Addressing Issues With Others

*I am so excited to start this new series and share it with you all! Please check back here every Wednesday for a weekly Wednesday Devotional! *

It is often hard to address issues we have with other people, even when those other people are our Christian brothers and sisters. However, the Bible is very clear in Matthew 18:15-20 that we must go to our brothers and sisters and address the issues.

Here is the verse laid out for you:

“If your brother sins against you, go and tell him his fault, between you and him alone. If he listens to you, you have gained your brother. But if he does not listen, take one or two others along with you, that every charge may be established by the evidence of two or three witnesses. If he refuses to listen to them, tell it to the church. And if he refuses to listen even to the church, let him be to you as a Gentile and a tax collector. Truly, I say to you, whatever you bind on earth shall be bound in heaven, and whatever you loose on earth shall be loosed in heaven. Again I say to you, if two of you agree on earth about anything they ask, it will be done for them by my Father in heaven. For where two or three are gathered in my name, there am I among them.” ~Matthew 18:15-20

These verses are intended to prohibit gossip and misunderstandings between the church body from happening. They are intended to bring unity among the body of Christ, instead of leaving holes and empty relationships.

Isn’t it easier for us to simply ignore a situation and stop talking to another person rather than going to them and addressing a tough issue? However, by addressing the issue, it allows us to build a stronger relationship with the other individual. It builds trust and promotes communication skills. It allows us to understand another person and their point of view and past experiences and soften our own hearts toward them. It furthers discipleship and provides an example of how we should live our lives according to the Bible.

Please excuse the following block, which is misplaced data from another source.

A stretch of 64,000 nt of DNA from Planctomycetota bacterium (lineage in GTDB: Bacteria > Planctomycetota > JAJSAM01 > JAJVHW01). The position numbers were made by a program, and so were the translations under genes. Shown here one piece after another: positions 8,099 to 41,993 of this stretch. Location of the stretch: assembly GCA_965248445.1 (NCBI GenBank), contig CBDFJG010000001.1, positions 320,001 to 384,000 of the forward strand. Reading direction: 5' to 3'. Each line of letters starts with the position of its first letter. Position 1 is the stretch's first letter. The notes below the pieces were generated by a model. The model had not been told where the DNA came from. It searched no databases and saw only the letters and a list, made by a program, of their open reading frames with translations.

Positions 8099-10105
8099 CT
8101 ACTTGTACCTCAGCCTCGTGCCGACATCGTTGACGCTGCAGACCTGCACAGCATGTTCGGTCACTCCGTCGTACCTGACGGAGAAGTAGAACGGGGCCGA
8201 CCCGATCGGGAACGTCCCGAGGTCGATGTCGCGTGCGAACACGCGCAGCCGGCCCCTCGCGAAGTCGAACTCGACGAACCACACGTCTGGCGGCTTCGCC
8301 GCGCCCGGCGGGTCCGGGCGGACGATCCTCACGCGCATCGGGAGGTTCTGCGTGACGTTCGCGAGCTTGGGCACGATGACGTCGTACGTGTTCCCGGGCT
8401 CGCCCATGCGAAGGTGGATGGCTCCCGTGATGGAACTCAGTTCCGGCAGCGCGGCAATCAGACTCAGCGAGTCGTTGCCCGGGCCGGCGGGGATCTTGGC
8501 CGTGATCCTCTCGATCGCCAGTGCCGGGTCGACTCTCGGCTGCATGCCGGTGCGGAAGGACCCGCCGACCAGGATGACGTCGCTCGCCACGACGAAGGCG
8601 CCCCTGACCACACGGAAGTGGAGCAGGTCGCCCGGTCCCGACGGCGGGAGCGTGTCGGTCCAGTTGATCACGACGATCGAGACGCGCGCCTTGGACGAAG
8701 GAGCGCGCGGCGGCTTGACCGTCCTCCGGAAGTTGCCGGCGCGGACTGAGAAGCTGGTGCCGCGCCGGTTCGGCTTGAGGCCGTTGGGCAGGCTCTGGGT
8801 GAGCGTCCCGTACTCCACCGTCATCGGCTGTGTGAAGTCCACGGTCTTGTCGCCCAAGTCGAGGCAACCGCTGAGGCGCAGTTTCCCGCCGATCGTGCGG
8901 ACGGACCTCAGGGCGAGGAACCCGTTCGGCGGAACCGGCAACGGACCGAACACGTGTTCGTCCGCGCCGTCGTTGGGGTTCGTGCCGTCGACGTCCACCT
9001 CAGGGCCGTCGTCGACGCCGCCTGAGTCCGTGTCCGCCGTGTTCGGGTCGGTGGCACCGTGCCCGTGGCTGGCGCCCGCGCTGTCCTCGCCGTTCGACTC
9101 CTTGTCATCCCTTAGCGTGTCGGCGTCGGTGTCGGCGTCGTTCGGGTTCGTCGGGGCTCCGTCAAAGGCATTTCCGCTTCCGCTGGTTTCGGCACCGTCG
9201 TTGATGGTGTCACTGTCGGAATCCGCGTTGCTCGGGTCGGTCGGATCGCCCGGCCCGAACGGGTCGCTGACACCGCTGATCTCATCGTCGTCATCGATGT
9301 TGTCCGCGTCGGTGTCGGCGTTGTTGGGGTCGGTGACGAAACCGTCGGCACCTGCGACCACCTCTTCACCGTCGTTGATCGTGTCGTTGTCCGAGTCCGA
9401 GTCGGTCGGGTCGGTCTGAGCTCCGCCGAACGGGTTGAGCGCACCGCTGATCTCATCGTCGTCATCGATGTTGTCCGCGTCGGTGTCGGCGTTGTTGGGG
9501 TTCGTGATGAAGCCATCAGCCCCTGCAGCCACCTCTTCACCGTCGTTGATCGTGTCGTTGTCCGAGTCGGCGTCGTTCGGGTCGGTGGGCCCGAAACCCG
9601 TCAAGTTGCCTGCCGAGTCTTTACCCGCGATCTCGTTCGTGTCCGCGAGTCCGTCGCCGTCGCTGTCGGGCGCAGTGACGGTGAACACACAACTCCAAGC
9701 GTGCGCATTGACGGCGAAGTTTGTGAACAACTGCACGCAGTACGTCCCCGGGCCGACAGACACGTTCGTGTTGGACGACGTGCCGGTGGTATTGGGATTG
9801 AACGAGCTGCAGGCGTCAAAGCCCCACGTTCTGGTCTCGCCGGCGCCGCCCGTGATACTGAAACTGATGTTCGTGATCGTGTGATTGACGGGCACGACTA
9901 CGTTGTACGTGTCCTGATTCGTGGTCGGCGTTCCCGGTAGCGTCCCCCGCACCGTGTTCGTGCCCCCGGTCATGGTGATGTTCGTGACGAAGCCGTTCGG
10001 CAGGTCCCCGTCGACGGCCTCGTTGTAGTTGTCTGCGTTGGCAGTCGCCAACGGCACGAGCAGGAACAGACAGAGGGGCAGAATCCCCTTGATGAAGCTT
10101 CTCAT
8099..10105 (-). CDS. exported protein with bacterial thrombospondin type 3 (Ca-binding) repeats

Providing 2 or 3 witnesses as described in verse 16, relates to the verse in Deuteronomy 19:15, where the 2 or 3 provide a witness to the offense as to not wrongly accuse someone. Verse 16 sets up verse 17, where it states that if a person chooses to not repent, then, he or she should be treated as someone who rebels against God and should be thought of as an unbeliever and excluded from the church’s fellowship. Wow! These are seriously powerful words!

Jesus is all about unifying his body of believers, so He wants to make this clear, even in these situations, and He reminds us He will always be present in these situations.

Chances are you have issues that need to be addressed with others, and what an impact it can make on your life, your relationships with others and, most importantly, your relationship with God if you choose to talk about it with the other person. So who do you need to go to address these issues with?

Let me close with a prayer:

God, thank you for the many relationships you have placed in my life. Forgive me for allowing misunderstandings and gossip to get in the way of my relationships with others and my relationship with You. Help me to be bold in addressing these situations in my life. Help me to have the courage to go to those I know I need to address tough issues with. I long to unify relationships in order to glorify You. In Jesus’ Name, Amen. 



6 thoughts on “Addressing Issues With Others

  1. It’s always easier to try to avoid the situation than to address it. I’ve been guilty of this, but over time, I’ve learned that the less you address issues, the more the die inside. We’re meant to engage with others. If you were to cut everyone from your life, then you’d be pretty lonely. We learn from one another. And most importantly, we grow together.


  2. I recently experienced a difficult situation with someone who wouldn’t own up to doing something very wrong, wouldn’t attempt to talk about it, and it did take involving others to get her to see the point. it sucks but sometimes, as the scripture says-necessary. great post!


  3. This was a great read! It’s actually something I’ve been trying to work on lately. It’s a great reminder that there are two sides to every story, and talking it out is the first step to mutual understanding.


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